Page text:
We reviewed the account currently at the username @DougH, and this account appears to be a legitimate account that claimed the username in the normal process of creating their Twitter account.

We don't reclaim usernames from active accounts that aren't in violation of our rules or Terms of Service. We're really sorry, but that username is not currently available to return to your account. Please let us know if we can answer any other questions.

Twitter finally reinstated his account, but Haslam isn't sure how or why, though he did have people who knew Twitter employees making inquiries and tweets on his behalf. 

In a way, this struggle makes sense. Twitter itself doesn't want to be engineered to turn over data to someone it doesn't belong to; but with 10 years of history to back up his claims, along with followers tweeting their support, it seems odd and unfair to a user that the company can't do anything about it. Especially when accounts like Katy Perry are hacked and immediately rectified before too much rogue tweeting takes over.

But that's the problem with our so-called digital identities. They're thin and futile, and although we give companies hoards of authentic data, it's impossible for them to determine our own authenticity when we need it the most.

Haslam did not have the opportunity to speak to a human throughout the process of trying to get his Google and Twitter accounts back, and software or screening can't comprehend the full story. Twitter and Google did not respond to a request to comment on their verification process.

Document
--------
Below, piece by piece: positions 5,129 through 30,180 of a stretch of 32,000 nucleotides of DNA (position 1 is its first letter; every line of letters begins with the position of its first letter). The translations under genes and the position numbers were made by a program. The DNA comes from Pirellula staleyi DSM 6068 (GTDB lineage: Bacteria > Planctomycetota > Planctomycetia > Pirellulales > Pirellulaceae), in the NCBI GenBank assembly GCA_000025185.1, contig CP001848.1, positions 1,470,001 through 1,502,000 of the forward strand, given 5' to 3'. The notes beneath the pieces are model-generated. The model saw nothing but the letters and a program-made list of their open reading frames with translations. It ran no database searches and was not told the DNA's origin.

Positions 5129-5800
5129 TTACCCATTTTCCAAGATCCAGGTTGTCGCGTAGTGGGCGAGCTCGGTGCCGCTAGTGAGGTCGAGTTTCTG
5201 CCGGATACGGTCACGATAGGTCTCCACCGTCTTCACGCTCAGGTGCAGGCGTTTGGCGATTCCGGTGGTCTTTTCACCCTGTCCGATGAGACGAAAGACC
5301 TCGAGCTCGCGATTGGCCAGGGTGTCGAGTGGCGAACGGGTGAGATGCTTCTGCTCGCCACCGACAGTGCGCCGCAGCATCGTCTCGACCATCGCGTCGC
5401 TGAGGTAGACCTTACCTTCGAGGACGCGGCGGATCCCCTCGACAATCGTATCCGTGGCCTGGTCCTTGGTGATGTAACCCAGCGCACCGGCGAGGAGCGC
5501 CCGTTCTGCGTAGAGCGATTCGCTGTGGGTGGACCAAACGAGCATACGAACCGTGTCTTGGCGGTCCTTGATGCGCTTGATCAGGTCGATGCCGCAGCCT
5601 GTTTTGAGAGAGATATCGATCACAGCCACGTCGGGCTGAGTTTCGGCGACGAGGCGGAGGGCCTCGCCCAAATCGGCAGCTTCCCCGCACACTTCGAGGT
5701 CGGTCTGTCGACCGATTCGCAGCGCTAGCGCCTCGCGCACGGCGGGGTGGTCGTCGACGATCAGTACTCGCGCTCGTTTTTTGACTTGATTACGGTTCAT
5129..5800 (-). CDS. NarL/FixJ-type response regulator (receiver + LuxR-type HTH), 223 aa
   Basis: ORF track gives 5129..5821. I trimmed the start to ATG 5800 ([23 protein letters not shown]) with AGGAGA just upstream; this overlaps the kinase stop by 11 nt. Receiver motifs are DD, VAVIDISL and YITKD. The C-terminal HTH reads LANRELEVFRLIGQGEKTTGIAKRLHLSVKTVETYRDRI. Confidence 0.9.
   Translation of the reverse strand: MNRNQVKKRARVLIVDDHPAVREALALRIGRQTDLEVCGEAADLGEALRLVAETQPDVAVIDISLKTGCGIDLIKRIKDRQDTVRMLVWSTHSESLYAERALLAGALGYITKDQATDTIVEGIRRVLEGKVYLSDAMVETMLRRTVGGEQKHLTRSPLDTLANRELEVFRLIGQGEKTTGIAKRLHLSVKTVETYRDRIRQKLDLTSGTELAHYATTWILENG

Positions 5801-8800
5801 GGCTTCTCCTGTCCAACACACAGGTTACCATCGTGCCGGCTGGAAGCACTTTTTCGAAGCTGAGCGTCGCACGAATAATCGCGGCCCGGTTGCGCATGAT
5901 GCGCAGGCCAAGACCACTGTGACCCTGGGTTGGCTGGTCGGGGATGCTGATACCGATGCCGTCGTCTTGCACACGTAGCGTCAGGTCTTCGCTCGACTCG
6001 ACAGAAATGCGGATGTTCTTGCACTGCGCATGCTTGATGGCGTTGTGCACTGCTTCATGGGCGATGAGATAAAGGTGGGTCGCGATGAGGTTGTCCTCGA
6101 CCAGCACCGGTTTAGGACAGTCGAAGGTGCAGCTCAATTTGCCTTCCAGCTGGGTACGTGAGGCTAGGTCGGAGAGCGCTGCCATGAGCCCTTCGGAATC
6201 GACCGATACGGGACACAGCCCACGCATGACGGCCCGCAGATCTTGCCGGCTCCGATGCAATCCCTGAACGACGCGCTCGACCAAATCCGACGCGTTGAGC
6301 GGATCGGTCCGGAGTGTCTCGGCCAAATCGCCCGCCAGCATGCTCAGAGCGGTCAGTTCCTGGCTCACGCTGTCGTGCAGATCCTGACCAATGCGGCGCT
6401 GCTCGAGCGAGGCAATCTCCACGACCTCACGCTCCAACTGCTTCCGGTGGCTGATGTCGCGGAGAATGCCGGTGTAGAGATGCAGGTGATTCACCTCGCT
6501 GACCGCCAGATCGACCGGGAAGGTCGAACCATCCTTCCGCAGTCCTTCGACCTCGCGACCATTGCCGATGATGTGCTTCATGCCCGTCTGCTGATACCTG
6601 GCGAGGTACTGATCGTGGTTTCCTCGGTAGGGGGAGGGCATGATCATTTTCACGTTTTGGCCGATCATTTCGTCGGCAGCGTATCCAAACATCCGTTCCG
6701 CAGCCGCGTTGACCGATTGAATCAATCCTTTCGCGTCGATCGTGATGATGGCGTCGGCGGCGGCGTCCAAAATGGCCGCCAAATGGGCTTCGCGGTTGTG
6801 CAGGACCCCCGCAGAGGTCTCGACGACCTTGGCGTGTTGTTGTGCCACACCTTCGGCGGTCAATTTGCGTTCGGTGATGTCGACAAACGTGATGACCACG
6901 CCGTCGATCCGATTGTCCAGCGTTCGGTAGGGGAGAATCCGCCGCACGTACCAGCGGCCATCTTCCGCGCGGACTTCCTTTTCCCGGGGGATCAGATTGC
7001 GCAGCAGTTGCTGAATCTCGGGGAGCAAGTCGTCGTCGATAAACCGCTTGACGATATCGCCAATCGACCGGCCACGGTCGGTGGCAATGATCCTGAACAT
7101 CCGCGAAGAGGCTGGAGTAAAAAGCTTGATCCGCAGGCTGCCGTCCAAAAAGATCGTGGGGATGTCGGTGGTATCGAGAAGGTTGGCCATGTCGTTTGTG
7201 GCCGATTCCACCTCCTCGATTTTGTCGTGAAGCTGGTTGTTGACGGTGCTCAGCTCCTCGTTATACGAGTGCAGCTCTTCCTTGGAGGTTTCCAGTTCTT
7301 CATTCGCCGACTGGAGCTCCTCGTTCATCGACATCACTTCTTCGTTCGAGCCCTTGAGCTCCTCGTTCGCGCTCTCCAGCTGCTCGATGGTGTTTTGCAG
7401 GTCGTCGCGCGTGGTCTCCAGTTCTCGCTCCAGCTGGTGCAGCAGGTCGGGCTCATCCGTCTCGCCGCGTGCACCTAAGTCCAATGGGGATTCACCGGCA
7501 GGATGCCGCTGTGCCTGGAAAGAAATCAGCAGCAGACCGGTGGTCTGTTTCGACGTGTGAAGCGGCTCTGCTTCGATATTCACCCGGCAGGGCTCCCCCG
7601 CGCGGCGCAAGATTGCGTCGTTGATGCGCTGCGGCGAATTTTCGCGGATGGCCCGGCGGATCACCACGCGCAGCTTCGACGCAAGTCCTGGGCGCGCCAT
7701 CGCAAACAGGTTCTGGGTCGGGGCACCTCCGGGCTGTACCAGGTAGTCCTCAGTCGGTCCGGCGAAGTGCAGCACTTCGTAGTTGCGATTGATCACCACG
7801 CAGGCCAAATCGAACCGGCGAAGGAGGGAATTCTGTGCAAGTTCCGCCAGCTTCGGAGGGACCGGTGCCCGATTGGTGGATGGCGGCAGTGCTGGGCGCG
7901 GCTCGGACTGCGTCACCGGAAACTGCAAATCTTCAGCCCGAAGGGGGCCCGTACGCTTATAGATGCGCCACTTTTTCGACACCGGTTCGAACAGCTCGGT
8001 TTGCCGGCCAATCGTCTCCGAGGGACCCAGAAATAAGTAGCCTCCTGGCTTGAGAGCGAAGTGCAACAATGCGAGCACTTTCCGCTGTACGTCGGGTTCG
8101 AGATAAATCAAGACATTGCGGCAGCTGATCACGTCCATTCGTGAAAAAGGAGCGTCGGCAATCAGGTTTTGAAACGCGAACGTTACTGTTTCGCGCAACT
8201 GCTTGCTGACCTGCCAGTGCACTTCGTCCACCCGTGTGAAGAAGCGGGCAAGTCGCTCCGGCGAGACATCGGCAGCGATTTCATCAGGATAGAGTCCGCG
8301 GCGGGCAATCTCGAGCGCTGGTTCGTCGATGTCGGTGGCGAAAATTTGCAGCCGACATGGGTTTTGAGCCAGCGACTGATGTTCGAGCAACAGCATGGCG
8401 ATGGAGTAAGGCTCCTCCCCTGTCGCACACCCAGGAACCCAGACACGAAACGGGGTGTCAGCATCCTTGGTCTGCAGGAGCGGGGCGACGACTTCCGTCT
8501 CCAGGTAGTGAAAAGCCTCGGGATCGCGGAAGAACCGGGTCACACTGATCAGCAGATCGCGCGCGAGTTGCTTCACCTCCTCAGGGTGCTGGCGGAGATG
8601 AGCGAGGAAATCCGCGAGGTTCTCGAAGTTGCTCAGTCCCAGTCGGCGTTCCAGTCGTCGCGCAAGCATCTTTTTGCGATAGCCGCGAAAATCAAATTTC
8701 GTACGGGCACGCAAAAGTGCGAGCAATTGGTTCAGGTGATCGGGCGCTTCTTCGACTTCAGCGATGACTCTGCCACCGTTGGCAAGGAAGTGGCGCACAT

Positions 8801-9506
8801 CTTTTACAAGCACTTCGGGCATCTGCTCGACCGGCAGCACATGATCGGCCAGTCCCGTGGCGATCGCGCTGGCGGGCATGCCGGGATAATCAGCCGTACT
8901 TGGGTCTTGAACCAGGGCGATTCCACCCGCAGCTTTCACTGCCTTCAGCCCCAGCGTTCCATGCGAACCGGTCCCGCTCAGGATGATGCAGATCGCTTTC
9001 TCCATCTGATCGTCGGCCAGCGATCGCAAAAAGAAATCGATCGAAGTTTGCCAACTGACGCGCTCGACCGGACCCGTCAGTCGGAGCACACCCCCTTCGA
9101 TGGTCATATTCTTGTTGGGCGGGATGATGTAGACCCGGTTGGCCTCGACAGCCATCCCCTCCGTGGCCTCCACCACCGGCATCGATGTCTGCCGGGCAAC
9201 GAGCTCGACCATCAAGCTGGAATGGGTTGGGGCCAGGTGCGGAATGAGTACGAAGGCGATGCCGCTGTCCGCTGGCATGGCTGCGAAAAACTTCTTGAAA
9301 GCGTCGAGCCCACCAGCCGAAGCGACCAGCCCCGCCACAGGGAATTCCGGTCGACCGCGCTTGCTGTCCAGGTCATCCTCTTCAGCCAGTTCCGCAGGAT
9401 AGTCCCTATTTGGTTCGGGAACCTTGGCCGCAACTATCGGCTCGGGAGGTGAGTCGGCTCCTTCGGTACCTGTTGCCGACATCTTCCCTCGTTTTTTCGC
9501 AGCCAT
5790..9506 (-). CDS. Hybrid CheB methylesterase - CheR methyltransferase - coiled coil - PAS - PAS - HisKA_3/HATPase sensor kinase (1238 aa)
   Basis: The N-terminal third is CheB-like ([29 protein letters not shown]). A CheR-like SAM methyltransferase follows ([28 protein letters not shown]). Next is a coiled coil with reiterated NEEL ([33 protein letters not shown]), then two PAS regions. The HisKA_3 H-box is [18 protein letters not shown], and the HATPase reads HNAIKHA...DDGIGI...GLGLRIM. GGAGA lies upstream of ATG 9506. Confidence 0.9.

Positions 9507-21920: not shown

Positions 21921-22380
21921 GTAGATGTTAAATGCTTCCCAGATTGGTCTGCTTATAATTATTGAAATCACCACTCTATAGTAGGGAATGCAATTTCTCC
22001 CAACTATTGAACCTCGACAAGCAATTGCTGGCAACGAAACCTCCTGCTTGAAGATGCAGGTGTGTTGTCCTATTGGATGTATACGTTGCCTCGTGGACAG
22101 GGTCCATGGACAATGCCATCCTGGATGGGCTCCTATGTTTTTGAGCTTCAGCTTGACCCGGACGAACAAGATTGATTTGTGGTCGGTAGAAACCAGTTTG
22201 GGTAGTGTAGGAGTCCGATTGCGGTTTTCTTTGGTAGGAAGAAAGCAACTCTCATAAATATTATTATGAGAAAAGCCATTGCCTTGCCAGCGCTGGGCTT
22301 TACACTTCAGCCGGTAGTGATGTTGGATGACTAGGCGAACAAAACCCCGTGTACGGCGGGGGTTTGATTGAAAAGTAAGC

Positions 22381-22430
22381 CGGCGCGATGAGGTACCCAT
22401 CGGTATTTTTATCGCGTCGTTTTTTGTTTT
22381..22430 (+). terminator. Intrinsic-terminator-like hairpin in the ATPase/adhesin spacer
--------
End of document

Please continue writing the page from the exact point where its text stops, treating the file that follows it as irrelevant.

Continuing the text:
Google, at least, proved to be more sympathetic to hearing Haslam's plea for reinstating the account. After filling out recovery forms that asked him to identify old, defunct backup emails and going back and forth with support via email, the company is now trying to verify the legitimacy of his claims. Meanwhile, his Google account with personal emails, documents like pay stubs and tax forms, and other information (that would verify his identity) remain in limbo. 

So what can people do to protect themselves from becoming victims of social engineering and fighting tooth and nail (and losing) for access to their accounts?

"There are very, very few things that someone can do to prevent account takeovers like this," Irwin said. "Perhaps the best and most effective one is setting up a sort of ‘verbal’ multi-factor authentication. This can be done by requesting that a company add a very specific password or code number to accounts that you hold with them. If anyone calls to make account changes, including you, no changes can be made without the password or code number being provided.

"Companies do hold a ton of data about customers, but for the most part the data they store can’t be combined to help out in places where accounts are stolen."

In a world where we pour our data into troughs controlled by algorithms, and customer service continues to become more bot and less human, anyone with the right tools, some personal information, and the exact same data points about us could wear our identities around the web. And because companies don't really know who you are, convincing them you're the human belonging to the account might just make you want to abandon the services all together. If only they didn't already know so much.